"MMS has a responsibility to thoroughly review new technology for safety and reliability," said MMS Director Johnnie Burton. "We take this responsibility very seriously, and after a careful evaluation, have approved the use of cell spars in deepwater."
The Red Hawk field is located on Garden Banks Block 877 and will be developed using new technology — the world's first cell spar and the second permanent use of synthetic moorings in the Gulf of Mexico. This innovative spar, which is the third generation of spar technology, reduces the reserve threshold needed for an economical development in deep waters. Kerr-McGee has selected Technip Offshore, Inc. (TOI) to construct the cell spar for the development.
This cell spar will measure 64 feet in diameter and 480 feet in length. It will be composed of seven tubes, each 20 feet in diameter, with a center tube surrounded by the other six tubes, all connected by structural steel. The deck will be 110 feet by 132 feet. The synthetic mooring consists of high strength polyester fiber which provides a level of protection equivalent to or greater than that of steel wire rope systems, while reducing the vertical loads on the spar hull in deepwater projects.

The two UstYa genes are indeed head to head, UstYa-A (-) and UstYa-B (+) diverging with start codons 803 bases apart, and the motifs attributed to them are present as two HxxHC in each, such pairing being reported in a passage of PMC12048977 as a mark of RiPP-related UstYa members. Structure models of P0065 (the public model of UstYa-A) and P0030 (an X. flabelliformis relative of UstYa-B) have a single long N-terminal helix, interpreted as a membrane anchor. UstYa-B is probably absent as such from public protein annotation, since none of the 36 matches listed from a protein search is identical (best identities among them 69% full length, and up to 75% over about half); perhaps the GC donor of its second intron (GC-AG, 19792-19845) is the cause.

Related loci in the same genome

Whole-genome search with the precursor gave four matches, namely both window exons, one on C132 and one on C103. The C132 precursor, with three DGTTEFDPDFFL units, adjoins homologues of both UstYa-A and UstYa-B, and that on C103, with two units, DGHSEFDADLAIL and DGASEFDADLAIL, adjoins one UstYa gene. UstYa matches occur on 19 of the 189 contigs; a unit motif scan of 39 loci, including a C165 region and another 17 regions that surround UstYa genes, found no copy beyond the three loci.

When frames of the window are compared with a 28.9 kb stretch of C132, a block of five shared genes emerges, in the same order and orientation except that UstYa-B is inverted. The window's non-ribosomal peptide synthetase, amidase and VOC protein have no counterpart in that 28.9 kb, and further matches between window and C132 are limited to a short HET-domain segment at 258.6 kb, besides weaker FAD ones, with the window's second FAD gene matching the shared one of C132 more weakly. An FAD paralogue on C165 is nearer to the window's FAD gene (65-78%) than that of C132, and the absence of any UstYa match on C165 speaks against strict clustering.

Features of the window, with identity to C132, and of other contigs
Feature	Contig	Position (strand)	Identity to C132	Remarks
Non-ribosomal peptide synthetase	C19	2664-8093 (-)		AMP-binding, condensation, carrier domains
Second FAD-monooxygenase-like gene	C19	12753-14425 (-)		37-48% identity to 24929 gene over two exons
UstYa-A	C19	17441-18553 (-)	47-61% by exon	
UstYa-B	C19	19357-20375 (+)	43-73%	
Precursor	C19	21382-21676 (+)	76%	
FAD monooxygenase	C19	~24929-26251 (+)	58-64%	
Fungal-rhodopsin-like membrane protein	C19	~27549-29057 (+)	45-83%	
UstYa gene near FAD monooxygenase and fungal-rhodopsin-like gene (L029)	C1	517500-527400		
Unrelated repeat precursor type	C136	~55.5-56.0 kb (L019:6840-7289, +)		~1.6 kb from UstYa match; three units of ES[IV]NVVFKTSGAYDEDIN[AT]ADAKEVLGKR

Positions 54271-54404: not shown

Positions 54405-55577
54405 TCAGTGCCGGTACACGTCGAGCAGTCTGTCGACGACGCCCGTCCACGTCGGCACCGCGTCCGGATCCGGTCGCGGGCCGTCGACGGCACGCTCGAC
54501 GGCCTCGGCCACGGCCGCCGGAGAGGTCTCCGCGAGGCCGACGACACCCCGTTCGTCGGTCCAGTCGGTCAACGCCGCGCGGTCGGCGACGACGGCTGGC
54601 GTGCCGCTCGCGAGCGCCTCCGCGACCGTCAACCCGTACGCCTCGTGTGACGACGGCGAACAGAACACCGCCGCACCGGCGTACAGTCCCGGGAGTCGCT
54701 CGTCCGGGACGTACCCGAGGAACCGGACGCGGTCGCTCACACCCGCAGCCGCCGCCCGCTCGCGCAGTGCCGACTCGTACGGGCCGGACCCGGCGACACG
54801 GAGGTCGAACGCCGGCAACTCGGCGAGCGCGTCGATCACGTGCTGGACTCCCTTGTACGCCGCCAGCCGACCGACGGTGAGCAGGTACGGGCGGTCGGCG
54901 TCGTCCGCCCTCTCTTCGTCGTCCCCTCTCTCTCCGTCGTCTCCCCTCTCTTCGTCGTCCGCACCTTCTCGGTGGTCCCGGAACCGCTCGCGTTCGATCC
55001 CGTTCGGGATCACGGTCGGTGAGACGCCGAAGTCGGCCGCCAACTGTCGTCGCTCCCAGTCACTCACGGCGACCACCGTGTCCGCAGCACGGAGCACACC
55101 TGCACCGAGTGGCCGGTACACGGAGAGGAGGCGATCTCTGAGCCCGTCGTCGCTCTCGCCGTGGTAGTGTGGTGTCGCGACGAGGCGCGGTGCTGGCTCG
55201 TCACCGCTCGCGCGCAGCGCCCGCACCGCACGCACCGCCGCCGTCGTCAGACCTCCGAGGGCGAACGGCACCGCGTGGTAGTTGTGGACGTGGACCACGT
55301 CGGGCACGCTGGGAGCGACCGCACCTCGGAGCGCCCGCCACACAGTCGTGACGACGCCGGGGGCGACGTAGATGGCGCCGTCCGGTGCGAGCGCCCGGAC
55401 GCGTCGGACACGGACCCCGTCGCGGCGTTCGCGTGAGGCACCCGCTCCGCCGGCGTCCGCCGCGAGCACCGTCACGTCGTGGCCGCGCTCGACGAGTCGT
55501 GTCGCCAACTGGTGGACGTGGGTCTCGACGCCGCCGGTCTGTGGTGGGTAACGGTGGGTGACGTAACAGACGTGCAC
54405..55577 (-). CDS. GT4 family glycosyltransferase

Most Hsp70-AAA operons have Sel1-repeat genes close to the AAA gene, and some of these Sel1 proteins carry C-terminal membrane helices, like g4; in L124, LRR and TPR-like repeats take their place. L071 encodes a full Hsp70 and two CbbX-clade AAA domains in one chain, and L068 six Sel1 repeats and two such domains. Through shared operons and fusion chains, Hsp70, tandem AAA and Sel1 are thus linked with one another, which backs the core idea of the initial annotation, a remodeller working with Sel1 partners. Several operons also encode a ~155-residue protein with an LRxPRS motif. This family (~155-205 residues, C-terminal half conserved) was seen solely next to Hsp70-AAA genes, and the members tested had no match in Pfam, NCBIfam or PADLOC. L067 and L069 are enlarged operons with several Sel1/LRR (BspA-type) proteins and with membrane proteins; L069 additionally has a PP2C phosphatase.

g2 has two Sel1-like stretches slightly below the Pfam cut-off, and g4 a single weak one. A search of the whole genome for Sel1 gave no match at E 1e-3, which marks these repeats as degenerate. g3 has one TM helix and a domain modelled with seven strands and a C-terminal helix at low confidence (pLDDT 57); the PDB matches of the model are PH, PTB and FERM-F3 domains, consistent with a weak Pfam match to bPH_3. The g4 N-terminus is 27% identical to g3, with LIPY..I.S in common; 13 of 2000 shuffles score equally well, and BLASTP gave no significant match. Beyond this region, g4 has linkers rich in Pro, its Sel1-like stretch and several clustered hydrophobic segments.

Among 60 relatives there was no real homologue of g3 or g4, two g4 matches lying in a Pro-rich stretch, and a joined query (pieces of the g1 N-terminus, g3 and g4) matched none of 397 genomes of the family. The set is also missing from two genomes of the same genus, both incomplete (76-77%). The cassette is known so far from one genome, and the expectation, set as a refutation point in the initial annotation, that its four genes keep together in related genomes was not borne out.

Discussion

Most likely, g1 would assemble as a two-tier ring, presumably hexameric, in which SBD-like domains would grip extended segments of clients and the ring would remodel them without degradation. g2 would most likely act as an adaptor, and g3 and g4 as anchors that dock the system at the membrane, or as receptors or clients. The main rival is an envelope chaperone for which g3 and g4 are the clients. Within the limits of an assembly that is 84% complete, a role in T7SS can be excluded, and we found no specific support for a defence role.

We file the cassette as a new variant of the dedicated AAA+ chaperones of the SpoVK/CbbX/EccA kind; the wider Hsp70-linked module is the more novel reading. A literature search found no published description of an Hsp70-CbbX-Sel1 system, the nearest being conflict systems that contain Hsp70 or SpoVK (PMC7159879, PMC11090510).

In order to approve the Conceptual Part of the Red Hawk DWOP, the MMS reviewed such issues as the cell spar buoyancy compared to that of traditional spars, Kerr-McGee's plan for hull inspections in the interstitial spaces between the cells, and the general response of the cell spar to vortex-induced vibration. Additionally, the Conceptual Part of the DWOP addressed general design basis and philosophy used to develop the Red Hawk field. This provided an early opportunity for MMS and Kerr-McGee to agree on a plan of development prior to major expenditures for the cell spar engineering design.
Later, Kerr-McGee will be required to submit a more detailed version as a Preliminary DWOP. During the review of the Preliminary Part of the DWOP, the MMS will be conducting a detailed structural analysis of the cell spar technology to ensure the project is in compliance with American Petroleum Institute Recommended Practice 2 FPS. The DWOP is designed to address the concerns of both industry and MMS, by allowing the operator to know that their proposed methods of dealing with situations not specifically addressed in the regulations are acceptable to MMS. The DWOP provides MMS with information specific to deepwater equipment issues to demonstrate that a deepwater project is being developed in an acceptable manner as mandated in the OCS Lands Act, as amended, and Federal regulations at 30 CFR 250. The MMS reviews deepwater development activities from a total system perspective, emphasizing operational safety, environmental protection and conservation of natural resources.
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